By Justin Sink - 08/28/13 10:00 AM EDT
President Obama on Wednesday will mark the 50th anniversary of the 1963 March on Washington from the steps of the Lincoln Memorial.
Obama, the nation’s first black president, will discuss the legacy of the Rev. Martin Luther King Jr.’s historic “I have a Dream” speech as the nation grapples with questions about how far it has come since King’s era.
In a radio interview earlier this week, Obama said he would look to “remind people that the work is still out there for us to do, and that we honor his speech but also, more importantly in many ways, the organization of the ordinary people who came out for that speech.”
White House adviser and Obama confidant Valerie Jarrett told Time that the president sees himself as “on the shoulders of those who came before him,” and the speech as an opportunity to propel the next generation toward action.
“Each generation has an obligation to pick up the baton,” Jarrett says. “We want young people to feel a sense of responsibility to take that baton and run with it.”
Obama has generally been reticent to discuss race, though he broke with that precedent memorably earlier this summer in an appearance at the White House press briefing where he discussed the George Zimmerman verdict.
Zimmerman’s July acquittal in the shooting of Trayvon Martin, an unarmed black teenager, serves as one of the backdrops of Obama’s speech.
The verdict roiled the nation, with many figures expressing disappointment a jury could find that he acted in self-defense, and questioning what it meant for racial justice.
Martin Luther King III, in an interview with The Hill, said it proved more work needed to be done to fulfill his father’s dream.
“He was the victim, and yet there seems to not be any justice,” he said.
The political right has argued that the charges against Zimmerman were trumped up, and that there is a double standard in the way the media and Obama have treated the cases of Martin and Christopher Lane, a white baseball player from Australia who was allegedly killed last week by three Oklahoma teenagers — two of them black.
The entire discussion, along with a separate debate about voting rights, has raised expectations ahead of Obama’s remarks.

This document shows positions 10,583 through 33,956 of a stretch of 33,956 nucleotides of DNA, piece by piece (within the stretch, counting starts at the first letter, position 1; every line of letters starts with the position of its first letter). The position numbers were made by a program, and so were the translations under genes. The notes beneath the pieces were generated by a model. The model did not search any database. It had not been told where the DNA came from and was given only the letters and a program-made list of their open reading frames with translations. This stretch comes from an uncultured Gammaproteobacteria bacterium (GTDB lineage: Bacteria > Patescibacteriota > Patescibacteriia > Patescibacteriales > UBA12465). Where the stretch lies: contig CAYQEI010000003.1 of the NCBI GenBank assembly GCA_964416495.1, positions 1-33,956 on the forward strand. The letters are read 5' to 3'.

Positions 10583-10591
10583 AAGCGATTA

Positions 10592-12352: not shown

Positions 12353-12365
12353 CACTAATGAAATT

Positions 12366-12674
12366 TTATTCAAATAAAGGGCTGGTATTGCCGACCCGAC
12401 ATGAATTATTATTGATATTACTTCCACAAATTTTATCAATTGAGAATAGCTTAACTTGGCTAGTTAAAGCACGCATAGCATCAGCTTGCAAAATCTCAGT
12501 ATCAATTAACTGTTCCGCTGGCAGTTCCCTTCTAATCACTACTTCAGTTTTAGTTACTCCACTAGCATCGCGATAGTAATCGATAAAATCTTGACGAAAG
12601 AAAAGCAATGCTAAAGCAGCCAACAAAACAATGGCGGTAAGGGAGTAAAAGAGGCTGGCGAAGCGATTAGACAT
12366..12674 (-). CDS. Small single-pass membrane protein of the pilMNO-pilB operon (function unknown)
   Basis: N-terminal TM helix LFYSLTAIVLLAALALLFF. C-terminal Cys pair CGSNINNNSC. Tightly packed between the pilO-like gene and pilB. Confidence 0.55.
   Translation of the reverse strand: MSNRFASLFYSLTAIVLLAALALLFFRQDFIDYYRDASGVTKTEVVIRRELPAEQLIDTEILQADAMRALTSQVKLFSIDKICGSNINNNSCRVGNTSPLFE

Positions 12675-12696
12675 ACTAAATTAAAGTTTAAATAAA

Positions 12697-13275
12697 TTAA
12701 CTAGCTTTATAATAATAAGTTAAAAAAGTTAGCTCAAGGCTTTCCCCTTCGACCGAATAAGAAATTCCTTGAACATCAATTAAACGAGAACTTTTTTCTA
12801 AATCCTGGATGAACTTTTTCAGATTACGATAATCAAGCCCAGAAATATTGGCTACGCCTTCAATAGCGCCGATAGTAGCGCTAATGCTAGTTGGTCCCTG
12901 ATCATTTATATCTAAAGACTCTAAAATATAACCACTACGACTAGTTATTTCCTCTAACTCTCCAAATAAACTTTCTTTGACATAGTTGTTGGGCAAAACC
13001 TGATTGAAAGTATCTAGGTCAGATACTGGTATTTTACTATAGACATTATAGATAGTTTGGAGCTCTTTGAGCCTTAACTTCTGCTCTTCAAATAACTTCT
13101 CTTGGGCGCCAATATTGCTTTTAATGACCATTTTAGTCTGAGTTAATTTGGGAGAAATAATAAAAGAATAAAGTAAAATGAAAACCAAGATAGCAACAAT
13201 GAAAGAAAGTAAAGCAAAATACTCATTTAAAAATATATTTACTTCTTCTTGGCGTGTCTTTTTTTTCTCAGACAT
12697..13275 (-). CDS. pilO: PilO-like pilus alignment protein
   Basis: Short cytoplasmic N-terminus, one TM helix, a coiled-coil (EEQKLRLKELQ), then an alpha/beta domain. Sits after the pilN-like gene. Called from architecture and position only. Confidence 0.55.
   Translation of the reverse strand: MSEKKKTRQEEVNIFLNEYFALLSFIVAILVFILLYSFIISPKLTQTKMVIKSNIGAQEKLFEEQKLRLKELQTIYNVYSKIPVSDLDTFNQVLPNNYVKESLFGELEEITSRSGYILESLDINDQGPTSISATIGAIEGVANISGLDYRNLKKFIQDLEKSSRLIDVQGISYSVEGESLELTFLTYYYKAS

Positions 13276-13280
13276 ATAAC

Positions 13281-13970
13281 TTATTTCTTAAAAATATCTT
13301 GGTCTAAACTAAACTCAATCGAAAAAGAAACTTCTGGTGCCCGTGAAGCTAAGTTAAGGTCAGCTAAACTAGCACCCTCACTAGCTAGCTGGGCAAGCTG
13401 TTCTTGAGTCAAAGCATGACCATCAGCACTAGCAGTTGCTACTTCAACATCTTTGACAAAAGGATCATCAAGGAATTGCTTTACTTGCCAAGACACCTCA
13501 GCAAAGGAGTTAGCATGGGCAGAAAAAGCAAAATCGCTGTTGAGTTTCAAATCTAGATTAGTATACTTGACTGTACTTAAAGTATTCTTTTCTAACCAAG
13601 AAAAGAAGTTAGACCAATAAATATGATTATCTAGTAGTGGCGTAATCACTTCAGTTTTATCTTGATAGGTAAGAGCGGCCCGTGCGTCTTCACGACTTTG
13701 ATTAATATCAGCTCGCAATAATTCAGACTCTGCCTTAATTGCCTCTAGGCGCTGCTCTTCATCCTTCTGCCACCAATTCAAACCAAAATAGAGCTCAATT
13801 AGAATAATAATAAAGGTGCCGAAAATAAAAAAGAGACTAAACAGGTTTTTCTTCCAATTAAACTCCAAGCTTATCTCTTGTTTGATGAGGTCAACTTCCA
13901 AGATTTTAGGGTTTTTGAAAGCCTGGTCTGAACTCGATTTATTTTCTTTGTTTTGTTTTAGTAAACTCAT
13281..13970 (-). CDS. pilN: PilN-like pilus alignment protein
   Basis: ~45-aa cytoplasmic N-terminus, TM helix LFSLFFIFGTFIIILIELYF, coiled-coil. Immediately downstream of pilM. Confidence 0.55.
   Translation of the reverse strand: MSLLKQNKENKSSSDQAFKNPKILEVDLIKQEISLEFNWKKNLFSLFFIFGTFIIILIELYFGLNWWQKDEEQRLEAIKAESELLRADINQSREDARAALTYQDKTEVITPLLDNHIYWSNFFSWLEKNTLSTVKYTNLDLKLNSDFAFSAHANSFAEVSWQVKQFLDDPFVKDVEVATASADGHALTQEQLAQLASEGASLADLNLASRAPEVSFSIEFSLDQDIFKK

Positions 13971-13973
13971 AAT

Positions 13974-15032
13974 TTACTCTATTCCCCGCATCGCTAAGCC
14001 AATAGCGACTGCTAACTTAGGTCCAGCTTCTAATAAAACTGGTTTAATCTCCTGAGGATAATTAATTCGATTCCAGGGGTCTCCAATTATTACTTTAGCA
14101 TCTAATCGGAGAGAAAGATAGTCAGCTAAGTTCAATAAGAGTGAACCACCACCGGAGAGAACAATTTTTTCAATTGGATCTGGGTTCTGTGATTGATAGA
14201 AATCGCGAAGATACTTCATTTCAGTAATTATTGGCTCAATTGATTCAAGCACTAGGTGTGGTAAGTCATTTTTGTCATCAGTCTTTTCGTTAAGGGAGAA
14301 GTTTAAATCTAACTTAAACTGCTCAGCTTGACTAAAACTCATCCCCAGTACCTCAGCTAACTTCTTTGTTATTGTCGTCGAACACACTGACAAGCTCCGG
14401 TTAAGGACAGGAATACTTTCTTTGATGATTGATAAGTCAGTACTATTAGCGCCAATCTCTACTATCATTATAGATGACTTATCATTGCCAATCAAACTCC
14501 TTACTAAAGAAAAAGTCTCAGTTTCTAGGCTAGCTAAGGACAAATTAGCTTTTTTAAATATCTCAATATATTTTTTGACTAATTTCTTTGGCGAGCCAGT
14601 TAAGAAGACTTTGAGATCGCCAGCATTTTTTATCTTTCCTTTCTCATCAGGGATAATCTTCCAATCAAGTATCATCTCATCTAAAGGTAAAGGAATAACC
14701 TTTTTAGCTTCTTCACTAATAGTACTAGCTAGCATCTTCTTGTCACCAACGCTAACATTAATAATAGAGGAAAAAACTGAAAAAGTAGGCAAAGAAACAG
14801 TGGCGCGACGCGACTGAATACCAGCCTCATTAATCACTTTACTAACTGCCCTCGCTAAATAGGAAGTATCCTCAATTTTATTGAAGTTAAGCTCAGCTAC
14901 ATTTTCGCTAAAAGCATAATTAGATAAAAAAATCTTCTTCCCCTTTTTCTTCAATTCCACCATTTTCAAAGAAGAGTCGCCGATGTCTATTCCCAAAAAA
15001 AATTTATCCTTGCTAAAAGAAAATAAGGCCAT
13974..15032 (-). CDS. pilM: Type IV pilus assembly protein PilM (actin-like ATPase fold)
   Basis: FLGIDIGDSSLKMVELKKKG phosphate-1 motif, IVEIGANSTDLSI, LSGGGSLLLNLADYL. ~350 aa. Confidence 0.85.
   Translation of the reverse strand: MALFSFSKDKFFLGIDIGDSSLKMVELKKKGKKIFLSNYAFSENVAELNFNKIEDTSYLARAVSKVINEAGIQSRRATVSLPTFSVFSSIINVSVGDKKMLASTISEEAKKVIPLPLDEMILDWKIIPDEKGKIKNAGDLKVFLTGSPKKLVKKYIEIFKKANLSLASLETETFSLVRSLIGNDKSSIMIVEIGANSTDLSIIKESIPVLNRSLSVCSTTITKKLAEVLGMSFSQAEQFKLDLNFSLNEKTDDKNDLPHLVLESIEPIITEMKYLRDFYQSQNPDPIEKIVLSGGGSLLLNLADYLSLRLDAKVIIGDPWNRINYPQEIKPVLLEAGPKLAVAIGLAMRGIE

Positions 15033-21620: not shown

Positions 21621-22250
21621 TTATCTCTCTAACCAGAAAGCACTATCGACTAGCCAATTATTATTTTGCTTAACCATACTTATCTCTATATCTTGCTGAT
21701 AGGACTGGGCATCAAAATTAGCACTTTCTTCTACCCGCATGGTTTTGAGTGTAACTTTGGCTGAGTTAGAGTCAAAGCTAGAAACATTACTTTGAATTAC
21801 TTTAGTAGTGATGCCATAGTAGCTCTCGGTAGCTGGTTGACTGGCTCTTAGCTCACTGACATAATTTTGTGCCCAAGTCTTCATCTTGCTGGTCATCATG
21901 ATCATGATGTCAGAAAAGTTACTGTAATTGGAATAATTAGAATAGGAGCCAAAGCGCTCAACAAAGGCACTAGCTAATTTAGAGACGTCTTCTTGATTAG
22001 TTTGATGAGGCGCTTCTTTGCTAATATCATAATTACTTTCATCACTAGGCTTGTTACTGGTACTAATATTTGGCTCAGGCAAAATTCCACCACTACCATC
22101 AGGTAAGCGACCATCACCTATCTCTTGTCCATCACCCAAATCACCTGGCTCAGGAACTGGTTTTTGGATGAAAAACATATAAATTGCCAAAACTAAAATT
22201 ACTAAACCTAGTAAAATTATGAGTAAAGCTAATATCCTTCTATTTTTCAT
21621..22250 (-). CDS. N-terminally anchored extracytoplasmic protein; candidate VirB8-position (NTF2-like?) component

Civil rights leaders have warned that a wave of new voter ID laws — some of which the Obama administration is expected to challenge in court — passed in the aftermath of a Supreme Court decision striking down crucial provisions of the Voting Rights Act could set the country back.
Speaking to college students last week in upstate New York, Obama said it was obvious the country has made enormous strides on the issue of race.
Yet he also warned of complacency and selfishness as minorities continue to struggle with a “legacy of discrimination.”
The five-hour ceremony, which takes place in the shadow of the Obama administration’s preparations for a military strike on Syria, begins at 11 a.m.
Obama will speak shortly after 3:00 p.m., headlining a day that will feature two other presidents — Bill Clinton and Jimmy Carter.
No Republican lawmakers are expected to attend Wednesday’s events, and some black conservatives have expressed irritation with the liberal flavor of the events.
The National Action Network led by Rev. Al Sharpton organized a separate march and rally on Saturday that attracted a litany of Democratic speakers.
The Republican Party held a lunch on Monday to honor the anniversary, while House Majority Leader Eric Cantor (R-Va.) wrote an op-ed for Yahoo News on Tuesday arguing that “we should all rededicate ourselves to ensuring equality for every American and working together with common purpose to ensure a better future for our children.”
Obama, for his part, hosted black leaders throughout the week at the White House, including a meeting with faith leaders on Monday to discuss the implementation of ObamaCare and a discussion with mayors on gun violence Tuesday.
Later in the day, Obama and the first lady held a reception for civil rights leaders in the East Room.
The president indicated on Monday that he understands the high expectations for the moment.
“Let me just say for the record right now, it won’t be as good as the speech 50 years ago,” Obama said Monday. “I just want to get that out there early.”